In 1959, while still teaching at Baylor, Baker helped found the Dallas Theater Center, which acted as the graduate school for the Baylor Drama Department. Frank Lloyd Wright designed the Dallas Theater Center, his last building and the only public theater ever built from his design. Baker also contributed to the design of the theater, working closely with Wright and sometimes disagreeing with him over such issues as lighting installation and backstage ramps. Playwright Gene McKinney described his own response to the designs for the Dallas Theater Center the first time he saw them, by saying “I realized this was going to be a different kind of theater. The whole approach to the total space, with its lack of right angles, gave freshness to the idea of theater.” (Cory, 88) Baker would stay with the Dallas Theater Center for twenty-three years.
Baker’s innovations in theater continued to receive praise from across the nation, and in 1961, he was given the first Rogers and Hammerstein Award for outstanding contribution to theater in the Southwest. However, Baker was not without critics. In 1962, he obtained the amateur rights from Eugene O’Neill’s widow to produce O’Neill’s play Long Day’s Journey into Night at Baylor. The contract with Mrs. O’Neill was to do the play intact with no editing of the script. A local Sunday school teacher, who brought her class to see the play, was offended by some of the language. She began a campaign against the production, and the Baylor President ordered Baker to close the play. In response, Baker and his entire department, including assistant professor Robert Flynn and graduate student Preston Jones, moved to Trinity University in San Antonio, Texas. Baker split his time between Trinity and the Dallas Theater Center, which then began to serve as the graduate school for the Trinity Drama Department.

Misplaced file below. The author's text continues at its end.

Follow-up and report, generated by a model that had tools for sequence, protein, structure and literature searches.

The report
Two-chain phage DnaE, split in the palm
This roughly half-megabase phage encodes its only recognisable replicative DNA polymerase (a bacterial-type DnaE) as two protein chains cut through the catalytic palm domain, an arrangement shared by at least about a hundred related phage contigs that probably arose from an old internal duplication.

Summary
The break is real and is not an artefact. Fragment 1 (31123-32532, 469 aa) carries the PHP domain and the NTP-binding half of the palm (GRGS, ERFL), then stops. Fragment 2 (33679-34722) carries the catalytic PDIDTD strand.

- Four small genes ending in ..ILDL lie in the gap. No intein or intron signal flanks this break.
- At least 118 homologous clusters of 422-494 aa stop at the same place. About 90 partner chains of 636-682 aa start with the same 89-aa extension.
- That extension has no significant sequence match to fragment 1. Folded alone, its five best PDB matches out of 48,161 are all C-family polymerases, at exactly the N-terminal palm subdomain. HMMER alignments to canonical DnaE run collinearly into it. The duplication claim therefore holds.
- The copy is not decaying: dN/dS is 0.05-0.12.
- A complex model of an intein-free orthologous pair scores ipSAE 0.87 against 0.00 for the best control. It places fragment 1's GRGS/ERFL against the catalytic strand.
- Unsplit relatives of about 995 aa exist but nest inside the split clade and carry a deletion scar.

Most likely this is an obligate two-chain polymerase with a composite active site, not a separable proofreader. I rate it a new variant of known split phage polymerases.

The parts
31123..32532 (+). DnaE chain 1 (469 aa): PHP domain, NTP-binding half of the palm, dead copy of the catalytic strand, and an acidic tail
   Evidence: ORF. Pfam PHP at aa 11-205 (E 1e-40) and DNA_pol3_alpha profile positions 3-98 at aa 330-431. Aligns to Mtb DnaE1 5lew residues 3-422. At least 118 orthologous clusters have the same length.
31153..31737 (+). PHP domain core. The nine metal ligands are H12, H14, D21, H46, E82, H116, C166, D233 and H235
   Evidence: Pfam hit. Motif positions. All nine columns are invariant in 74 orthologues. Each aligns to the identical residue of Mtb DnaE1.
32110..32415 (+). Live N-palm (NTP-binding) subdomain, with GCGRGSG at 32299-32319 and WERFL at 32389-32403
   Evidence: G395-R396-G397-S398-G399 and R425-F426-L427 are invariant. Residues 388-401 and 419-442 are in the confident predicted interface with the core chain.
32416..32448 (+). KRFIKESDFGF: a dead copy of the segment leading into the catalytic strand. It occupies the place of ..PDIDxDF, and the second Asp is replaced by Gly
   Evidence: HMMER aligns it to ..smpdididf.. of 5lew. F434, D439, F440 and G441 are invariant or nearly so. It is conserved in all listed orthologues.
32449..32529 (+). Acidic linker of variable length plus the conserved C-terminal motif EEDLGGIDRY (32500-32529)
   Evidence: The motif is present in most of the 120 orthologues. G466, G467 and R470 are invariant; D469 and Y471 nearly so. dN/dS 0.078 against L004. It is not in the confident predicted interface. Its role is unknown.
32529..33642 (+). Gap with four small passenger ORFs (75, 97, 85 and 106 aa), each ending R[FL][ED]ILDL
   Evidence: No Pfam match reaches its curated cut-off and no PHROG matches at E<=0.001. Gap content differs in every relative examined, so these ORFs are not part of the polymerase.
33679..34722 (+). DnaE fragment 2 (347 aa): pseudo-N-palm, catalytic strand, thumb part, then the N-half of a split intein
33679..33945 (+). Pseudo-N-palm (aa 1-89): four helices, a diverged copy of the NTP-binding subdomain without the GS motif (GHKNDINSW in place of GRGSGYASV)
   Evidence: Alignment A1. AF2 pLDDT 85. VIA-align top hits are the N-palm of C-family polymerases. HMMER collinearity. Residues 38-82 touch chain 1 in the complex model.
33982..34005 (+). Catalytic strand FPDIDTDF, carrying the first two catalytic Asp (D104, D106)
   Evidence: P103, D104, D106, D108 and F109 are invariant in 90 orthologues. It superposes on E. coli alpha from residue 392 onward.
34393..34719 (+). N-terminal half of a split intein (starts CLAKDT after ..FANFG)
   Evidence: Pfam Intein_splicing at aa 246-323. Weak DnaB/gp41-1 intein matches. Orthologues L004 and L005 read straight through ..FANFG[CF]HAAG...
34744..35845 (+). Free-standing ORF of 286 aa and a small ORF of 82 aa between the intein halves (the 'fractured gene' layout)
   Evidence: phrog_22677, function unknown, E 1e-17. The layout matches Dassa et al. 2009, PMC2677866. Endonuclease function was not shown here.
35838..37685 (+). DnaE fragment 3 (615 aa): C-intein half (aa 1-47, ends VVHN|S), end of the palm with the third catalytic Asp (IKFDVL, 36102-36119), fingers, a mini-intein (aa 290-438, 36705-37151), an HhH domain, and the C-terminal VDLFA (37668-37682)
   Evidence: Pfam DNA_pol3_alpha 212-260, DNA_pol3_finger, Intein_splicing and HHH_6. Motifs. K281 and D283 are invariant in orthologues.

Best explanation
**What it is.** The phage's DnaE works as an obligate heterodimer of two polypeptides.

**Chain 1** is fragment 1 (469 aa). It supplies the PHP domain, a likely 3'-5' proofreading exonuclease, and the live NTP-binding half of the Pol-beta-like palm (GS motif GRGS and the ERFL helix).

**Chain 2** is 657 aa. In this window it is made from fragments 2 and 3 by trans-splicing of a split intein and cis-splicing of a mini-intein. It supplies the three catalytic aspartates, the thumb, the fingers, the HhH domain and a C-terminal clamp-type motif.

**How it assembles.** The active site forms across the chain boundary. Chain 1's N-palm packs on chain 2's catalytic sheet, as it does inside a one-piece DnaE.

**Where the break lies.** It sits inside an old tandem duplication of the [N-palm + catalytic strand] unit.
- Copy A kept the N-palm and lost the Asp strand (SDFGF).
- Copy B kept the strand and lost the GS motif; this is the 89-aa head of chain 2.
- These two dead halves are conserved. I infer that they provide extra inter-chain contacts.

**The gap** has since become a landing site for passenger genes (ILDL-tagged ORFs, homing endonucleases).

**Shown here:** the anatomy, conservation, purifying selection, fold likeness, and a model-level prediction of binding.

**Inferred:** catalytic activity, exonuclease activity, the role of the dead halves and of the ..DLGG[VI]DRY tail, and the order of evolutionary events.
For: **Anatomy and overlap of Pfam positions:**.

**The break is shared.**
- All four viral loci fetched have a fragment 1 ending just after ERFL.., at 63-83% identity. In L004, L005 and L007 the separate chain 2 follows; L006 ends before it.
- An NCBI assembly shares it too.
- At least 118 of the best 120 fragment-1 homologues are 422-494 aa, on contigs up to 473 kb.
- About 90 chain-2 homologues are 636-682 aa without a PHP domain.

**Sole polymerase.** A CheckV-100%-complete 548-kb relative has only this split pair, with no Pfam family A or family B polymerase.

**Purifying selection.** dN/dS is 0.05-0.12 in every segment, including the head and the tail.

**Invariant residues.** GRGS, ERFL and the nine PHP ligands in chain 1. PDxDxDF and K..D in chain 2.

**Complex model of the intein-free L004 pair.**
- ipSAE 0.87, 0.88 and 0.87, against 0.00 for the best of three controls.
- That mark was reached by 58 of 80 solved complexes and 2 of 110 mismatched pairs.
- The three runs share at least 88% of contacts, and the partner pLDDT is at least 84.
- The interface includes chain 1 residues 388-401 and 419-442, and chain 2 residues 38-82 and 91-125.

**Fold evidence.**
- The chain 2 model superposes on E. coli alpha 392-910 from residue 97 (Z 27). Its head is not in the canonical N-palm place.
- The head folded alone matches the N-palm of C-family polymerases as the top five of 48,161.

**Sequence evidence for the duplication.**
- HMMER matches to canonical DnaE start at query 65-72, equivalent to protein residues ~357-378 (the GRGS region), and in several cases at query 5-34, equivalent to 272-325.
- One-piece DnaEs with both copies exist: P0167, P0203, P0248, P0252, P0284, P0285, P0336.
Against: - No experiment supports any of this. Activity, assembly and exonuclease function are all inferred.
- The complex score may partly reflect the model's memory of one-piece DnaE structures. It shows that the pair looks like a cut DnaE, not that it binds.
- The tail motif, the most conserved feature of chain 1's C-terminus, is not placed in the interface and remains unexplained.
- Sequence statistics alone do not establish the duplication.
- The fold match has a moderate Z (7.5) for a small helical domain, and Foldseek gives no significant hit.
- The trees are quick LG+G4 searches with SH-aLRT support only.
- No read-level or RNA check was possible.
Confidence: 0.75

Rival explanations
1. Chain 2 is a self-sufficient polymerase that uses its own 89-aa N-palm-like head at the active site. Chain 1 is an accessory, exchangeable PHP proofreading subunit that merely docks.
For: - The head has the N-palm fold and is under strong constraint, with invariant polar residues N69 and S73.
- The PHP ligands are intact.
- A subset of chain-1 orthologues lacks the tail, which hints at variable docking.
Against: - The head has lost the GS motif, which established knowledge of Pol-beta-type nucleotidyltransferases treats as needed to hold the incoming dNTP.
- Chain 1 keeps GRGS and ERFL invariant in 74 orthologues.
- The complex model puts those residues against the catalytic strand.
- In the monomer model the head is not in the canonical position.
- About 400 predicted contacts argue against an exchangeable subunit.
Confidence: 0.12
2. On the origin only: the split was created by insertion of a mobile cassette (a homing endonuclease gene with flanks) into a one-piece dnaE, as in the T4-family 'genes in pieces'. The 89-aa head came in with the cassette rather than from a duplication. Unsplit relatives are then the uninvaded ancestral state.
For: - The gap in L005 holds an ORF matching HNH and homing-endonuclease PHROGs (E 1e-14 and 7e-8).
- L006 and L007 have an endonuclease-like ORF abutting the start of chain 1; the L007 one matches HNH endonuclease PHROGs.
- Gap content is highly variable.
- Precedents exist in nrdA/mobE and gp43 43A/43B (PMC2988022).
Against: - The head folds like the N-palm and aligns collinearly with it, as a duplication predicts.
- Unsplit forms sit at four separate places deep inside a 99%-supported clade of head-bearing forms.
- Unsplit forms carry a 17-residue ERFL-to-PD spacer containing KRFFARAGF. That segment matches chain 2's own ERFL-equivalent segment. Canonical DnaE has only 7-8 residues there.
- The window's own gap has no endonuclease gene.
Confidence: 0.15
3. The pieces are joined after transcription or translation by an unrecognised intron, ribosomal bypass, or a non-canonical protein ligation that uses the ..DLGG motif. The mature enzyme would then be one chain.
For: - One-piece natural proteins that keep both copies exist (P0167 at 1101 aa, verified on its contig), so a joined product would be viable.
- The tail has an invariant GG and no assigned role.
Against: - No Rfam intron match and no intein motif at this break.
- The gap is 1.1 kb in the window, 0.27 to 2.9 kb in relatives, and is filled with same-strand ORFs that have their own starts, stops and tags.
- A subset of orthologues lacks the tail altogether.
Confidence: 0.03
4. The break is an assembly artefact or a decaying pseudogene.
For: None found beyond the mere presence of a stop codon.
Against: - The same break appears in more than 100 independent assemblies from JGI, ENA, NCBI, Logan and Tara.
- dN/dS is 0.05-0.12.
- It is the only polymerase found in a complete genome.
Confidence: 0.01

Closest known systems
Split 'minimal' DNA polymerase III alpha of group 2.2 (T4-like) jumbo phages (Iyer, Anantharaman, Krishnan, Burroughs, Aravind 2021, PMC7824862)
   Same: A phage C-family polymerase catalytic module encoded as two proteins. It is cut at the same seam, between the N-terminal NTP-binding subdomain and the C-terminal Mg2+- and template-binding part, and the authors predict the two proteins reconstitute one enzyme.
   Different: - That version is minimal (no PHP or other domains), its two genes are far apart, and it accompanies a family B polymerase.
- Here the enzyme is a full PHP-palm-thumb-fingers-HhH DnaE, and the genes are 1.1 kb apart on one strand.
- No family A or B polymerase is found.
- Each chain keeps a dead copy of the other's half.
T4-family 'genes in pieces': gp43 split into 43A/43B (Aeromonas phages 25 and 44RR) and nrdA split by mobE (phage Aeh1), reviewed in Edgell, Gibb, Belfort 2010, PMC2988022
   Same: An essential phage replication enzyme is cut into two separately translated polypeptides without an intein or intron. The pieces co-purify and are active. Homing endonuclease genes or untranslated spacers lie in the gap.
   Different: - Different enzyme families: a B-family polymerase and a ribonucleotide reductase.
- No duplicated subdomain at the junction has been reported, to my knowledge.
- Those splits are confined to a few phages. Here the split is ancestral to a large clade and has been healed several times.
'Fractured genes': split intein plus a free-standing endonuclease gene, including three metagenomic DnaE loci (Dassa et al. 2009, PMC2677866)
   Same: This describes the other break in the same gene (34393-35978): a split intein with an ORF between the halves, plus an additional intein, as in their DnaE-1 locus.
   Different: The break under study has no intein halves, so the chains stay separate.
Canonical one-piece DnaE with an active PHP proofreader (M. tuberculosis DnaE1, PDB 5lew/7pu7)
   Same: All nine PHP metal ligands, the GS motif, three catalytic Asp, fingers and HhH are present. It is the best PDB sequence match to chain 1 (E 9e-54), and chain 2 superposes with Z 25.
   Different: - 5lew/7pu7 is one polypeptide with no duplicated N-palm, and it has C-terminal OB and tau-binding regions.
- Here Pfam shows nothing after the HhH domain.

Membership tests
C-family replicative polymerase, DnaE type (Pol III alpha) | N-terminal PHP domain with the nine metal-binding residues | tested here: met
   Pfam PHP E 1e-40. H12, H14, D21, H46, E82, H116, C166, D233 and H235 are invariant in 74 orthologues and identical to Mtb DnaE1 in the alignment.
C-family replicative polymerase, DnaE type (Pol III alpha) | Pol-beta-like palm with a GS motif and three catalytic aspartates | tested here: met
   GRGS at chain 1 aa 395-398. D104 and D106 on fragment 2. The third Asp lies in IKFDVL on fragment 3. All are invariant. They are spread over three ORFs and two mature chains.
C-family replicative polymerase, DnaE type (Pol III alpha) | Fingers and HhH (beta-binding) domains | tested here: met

Preston Jones not only followed Baker to Trinity, but also worked with him at the Dallas Theater Center. While there, Jones took to heart Baker’s philosophy of non-specialization, and worked in a variety of positions, including actor, director, stage manager, and ticket taker. Jones credited these experiences with making him a successful playwright. As an actor Jones appeared in several plays at the Dallas Theater Center, including Journey to Jefferson by Robert Flynn, a stage adaptation of William Faulkner’s novel As I Lay Dying. Under Baker’s direction, this Dallas Theater Center production of Journey to Jefferson, won the jury prize at the Theater of Nations in Paris in 1964.